Tuesday, 15 March 2011

Galloping Gardener Walks © - Catch those Cornish blooms - Caerhays, Pine Lodge and Trewithen

Caerhays Castle - open until the end of May
Now is the perfect time to visit Cornwall and see blooms that make you gasp! The magnolias and rhododendrons here seem to reach such monumental proportions that you'll be amazed; combine that with great swathes of daffodils and spring bulbs, as far as the eye can see, and you'll realise why Cornish gardens are so special in springtime.  
Trewithen - 30 acres of heaven!

Cornwall has many great gardens, but the three I've chosen here are all famous for their spring displays. Start at Caerhays Castle (top), which is home to the National Magnolia Collection - a glorious woodland garden with ocean views and lovely walks. 
     Many plants in the garden today are descended from seeds brought home by intrepid plant hunters - E.H. Wilson and George Forrest - who braved far-flung parts of China on frequent trips in the early 20th century. But remember, this garden is only open until the end of May, so you need to visit in the next few weeks. Caerhays is free to HHA members.
     Burncoose Nursery - one of the best UK suppliers of magnolias and rhododendrons - is also owned by the Caerhays Estate and the garden there is open throughout the summer, so if you miss the castle you can still see the nursery gardens, located near Redruth.

Move onto Trewithen, glorious at any time of year, but particularly now with daffodils, magnolias and rhododendrons in bloom. This 30-acre garden has a fine collection of Champion trees, including several magnolias and acers that make the grade because of their height or width. 
Thousands of daffodils line the entrance drive to Trewithen .. just a taster of what's to come
Trewithen means "House of the Trees" - an appropriate name for this wonderful property, with its fine tree collection. And one of the highlights of this garden is the raised viewing platform that takes you closer to the branches, so you can see the fantastic blooms up close. George Johnstone inherited this estate in 1905 and like his neighbours at Caerhays, planted many seeds that had originated in the Far East - hence the splendid collection of plants in evidence today.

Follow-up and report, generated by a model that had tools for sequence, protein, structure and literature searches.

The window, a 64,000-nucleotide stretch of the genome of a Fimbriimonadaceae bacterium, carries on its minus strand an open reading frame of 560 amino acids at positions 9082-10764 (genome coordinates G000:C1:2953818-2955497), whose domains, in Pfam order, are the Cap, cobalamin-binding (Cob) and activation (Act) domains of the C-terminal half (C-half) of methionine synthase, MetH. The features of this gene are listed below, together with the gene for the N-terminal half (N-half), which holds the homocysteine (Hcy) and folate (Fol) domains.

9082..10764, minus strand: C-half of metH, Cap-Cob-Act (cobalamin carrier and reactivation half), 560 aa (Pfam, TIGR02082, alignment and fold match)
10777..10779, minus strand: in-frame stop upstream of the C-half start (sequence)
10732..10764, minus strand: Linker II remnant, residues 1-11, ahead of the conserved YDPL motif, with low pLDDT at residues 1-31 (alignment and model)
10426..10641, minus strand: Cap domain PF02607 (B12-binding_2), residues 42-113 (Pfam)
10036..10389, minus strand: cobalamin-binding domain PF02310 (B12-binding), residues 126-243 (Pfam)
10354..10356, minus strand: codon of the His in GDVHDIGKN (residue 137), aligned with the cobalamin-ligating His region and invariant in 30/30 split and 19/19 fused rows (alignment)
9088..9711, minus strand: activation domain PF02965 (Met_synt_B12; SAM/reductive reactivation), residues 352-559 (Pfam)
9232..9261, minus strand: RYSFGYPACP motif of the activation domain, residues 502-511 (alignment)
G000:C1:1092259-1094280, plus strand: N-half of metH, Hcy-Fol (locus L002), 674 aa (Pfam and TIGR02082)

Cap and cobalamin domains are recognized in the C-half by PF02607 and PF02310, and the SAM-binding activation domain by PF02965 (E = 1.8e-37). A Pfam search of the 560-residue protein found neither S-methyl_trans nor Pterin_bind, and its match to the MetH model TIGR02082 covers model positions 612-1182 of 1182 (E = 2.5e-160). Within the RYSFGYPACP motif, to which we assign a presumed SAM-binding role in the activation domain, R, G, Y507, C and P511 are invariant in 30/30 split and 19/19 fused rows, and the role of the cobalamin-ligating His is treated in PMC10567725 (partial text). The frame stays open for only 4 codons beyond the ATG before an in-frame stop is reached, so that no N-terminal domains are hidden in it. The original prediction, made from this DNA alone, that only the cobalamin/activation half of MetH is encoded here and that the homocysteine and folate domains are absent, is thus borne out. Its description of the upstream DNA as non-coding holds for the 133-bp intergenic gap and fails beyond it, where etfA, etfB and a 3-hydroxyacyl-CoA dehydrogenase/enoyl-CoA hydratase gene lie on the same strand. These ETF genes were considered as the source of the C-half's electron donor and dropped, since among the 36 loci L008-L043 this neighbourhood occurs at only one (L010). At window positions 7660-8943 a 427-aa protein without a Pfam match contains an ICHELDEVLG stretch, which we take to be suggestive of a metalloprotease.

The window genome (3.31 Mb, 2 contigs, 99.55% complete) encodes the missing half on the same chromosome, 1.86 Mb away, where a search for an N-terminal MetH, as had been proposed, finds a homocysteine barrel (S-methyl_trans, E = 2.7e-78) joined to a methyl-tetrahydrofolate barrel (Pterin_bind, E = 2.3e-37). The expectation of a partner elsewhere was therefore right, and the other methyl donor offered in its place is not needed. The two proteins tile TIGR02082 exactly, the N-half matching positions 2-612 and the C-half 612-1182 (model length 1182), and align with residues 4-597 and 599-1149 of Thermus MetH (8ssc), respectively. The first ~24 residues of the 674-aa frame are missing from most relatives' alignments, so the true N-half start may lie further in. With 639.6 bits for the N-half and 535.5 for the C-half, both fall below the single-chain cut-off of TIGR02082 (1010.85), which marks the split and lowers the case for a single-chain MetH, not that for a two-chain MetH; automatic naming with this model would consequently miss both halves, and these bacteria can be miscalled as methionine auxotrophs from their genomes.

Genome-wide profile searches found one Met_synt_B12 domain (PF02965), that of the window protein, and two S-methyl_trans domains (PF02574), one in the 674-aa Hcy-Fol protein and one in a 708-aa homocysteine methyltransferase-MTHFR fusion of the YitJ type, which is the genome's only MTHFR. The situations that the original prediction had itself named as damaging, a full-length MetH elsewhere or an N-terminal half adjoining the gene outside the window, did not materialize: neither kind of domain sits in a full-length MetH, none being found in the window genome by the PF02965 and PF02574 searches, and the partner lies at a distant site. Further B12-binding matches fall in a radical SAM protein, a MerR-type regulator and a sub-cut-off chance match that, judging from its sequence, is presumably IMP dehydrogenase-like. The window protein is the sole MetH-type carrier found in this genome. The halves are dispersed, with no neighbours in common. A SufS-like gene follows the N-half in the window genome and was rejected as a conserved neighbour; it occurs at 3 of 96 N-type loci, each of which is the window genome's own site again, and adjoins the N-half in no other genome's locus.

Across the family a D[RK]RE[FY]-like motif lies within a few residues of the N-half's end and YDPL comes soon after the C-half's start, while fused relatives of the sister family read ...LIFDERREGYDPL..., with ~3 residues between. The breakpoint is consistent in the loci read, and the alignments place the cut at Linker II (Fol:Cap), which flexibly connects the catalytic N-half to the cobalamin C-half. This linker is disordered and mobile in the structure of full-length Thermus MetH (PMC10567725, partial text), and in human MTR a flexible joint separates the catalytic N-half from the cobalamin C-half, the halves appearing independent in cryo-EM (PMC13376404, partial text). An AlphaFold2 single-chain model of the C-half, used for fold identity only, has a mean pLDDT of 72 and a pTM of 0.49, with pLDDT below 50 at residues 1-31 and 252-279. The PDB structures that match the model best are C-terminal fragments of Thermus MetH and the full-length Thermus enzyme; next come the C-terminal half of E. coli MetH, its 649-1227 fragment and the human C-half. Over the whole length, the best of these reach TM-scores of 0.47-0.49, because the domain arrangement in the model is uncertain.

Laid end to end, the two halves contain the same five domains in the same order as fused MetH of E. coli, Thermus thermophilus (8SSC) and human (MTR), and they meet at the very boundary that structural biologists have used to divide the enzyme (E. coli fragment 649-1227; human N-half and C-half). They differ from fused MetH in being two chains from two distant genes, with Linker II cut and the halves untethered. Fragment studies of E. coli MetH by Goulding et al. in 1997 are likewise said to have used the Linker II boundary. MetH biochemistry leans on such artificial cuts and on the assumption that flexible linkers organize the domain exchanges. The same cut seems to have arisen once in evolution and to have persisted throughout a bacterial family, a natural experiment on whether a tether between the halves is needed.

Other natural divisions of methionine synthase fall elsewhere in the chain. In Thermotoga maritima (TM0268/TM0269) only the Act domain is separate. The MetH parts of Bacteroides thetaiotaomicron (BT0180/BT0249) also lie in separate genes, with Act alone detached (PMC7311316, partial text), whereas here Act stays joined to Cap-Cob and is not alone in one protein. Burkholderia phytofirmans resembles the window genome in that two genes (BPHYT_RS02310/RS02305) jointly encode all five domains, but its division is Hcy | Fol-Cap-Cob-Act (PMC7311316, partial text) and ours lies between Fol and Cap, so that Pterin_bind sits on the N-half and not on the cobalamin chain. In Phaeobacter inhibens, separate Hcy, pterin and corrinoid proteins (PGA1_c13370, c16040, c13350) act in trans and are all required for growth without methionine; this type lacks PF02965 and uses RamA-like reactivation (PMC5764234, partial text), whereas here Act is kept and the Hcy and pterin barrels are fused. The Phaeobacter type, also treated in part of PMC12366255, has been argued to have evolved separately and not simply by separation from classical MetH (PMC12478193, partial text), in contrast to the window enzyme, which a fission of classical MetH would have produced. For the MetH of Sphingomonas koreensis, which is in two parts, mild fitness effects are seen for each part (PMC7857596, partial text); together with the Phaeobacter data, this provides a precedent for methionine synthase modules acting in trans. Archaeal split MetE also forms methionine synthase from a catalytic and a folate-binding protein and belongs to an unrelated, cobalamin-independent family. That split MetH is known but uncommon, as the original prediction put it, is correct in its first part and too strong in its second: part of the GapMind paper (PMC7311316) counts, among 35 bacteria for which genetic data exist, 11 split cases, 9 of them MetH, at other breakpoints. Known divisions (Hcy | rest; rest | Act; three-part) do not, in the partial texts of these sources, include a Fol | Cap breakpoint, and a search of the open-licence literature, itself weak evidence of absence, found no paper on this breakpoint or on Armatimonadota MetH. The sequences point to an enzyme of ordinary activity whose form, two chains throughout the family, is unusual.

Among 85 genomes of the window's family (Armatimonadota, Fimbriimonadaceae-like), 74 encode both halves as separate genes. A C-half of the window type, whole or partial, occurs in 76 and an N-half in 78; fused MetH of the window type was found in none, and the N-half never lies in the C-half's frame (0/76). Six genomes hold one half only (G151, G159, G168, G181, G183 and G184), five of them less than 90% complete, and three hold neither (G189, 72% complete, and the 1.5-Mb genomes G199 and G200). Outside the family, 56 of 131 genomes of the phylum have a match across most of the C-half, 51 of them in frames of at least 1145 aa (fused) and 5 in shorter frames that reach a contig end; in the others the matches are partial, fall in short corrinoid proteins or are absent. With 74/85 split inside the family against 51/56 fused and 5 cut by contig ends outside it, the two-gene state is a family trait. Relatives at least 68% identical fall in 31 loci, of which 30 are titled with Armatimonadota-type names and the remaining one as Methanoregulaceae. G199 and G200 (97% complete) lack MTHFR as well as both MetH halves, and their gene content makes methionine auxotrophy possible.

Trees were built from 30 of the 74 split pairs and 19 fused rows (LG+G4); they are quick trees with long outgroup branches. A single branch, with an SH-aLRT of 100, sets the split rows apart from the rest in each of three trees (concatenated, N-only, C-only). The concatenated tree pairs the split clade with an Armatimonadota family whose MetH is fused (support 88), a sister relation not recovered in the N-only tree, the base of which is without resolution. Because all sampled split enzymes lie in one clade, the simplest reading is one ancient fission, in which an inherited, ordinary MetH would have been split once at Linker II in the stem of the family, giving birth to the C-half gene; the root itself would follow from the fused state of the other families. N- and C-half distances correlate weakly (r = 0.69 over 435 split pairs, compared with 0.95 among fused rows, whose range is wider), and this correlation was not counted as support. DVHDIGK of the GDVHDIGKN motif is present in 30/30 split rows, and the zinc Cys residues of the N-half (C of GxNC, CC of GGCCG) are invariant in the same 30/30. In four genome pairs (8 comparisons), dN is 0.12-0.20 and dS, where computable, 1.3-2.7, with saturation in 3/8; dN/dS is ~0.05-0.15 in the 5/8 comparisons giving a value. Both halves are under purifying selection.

Move on from here to Pine Lodge (which seems to have changed its name to Pinetum Park and Pine Lodge Gardens) - a property that's changed considerably since I first visited back in the early 1990s, when my son was a baby and we lived in Cornwall. This 30-acre garden has gone from strength to strength under the stewardship of its present owners, who have created a Japanese garden, a Pinetum and a wonderful winter garden (above).
Both Trewithen and Pine Lodge remain open throughout the summer season and both are worth visiting later in the year, as they don their summer foliage. And of course, Cornwall is famous for its cream teas!
For more Galloping Gardener Walks © visit the Days Out page under the header.

4 comments:

  1. Cream teas--that sounds tasty! The Magnolias must be splendid. I think ours will be blooming in about a month, maybe sooner. Thanks for the tour!

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  2. So pretty and thanks for the map as a reference! I love learning about new gardens and places to visit. I'll add this one to my list!

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  3. I am enjoying your walks Charlotte. Caerhays has just featured in Gardeners World and there was also an article about the gardens in 'The Telegraph' magazine yesterday. Looks a fantastic place to visit at this time of year.

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